In B.E. 2381, at the age of 22, Luang Phor ordained as a monk at Wat Bor

, in Tambon Pak Klet, Ampur Pak Klet, Changwat Nonthaburi
. A month later, he relocated to Wat Kalayanamit at Thonburi
. The Zhao Awat at the time was Phra PiMon TamMaPorn
who tutored Luang Phor Eiam in Phra Pariyattitam
, and was instrumental in developing his understanding of Buddhist Scripture. He also schooled him in the art of Plae Phratammabod
, or the proper translation of Buddhist scriptures for the laity. Luang Phor Eiam remained at the temple for 7 Pansa, thoroughly honing his knowledge, before once again relocating to Wat PangRa Wong Sawas


By B.E.2388, Luang Phor was residing in Wat Prayoon Wongsawat Worawihan

, where he remained for 3 Pansa. In B.E. 2391 however, Nai Khek Samubanchee
invited Luang Phor Eiam to move to Wat NuanNoRaDit
, where he eventually stayed, mastering the art of Vipassana Gammatan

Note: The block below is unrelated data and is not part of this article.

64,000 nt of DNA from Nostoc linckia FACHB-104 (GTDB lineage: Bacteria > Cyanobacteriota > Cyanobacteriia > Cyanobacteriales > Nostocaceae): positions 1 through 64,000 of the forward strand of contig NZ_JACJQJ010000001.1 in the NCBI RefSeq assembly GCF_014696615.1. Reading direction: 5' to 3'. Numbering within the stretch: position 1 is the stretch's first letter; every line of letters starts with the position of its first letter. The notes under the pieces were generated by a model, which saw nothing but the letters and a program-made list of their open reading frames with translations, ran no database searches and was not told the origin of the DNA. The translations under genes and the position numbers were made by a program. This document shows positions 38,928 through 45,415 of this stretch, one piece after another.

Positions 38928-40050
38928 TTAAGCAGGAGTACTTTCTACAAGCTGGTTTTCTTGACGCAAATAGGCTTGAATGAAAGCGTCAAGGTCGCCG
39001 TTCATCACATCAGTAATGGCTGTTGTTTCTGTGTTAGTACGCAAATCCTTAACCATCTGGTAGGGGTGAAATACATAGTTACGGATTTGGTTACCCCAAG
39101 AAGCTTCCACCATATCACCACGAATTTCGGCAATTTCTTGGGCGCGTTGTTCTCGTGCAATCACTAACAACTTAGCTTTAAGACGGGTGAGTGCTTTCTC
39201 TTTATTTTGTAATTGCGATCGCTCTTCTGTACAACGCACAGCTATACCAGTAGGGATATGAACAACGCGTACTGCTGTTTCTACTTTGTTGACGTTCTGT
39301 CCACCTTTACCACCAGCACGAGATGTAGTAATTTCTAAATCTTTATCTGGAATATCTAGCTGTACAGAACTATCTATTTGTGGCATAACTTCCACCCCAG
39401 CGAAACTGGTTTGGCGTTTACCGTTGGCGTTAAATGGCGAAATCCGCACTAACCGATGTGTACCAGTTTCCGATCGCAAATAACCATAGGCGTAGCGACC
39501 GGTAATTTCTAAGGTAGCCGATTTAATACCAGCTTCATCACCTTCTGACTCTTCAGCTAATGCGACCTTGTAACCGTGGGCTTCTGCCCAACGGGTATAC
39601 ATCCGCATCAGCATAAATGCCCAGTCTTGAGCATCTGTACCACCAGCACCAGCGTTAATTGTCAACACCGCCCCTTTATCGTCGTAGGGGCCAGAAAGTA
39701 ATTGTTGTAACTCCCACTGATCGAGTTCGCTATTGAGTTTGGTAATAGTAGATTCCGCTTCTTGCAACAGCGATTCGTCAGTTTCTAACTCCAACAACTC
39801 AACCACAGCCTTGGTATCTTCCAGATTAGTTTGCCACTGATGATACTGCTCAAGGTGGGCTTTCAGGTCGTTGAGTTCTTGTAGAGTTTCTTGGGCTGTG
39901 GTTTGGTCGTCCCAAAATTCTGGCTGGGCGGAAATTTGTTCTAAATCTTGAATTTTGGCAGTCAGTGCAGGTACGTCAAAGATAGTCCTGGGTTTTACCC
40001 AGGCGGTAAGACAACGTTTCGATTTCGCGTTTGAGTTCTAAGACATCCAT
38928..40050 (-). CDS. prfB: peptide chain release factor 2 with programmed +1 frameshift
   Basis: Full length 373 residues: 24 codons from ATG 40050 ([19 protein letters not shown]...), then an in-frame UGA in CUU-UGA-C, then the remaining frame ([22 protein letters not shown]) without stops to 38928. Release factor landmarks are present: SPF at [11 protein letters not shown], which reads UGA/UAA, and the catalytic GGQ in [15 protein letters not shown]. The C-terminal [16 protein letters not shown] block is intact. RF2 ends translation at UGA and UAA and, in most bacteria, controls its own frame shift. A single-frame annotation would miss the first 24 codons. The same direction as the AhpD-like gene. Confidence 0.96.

over the course of 5 pansa.


In B.E. 2396, the local villagers living around Klong Leam Yai

(since renamed Klong Phra Udom
) in Ampur Pak Klet, Changwat Nonthaburi
once again invited him to decamp for Wat Sapansung (Wat SawangArom at that time). 8 months before his Khao Pansa
, he relocated to Wat Sapansung.


He arrived at an old, underserviced temple that only housed 2 monks. Luang (the equivalent of a Captain in the Sangha) PhiBoon Sombat, who himself resided near Pak Klong Bang Lampoo

, came to visit Luang Phor Eiam during his stay.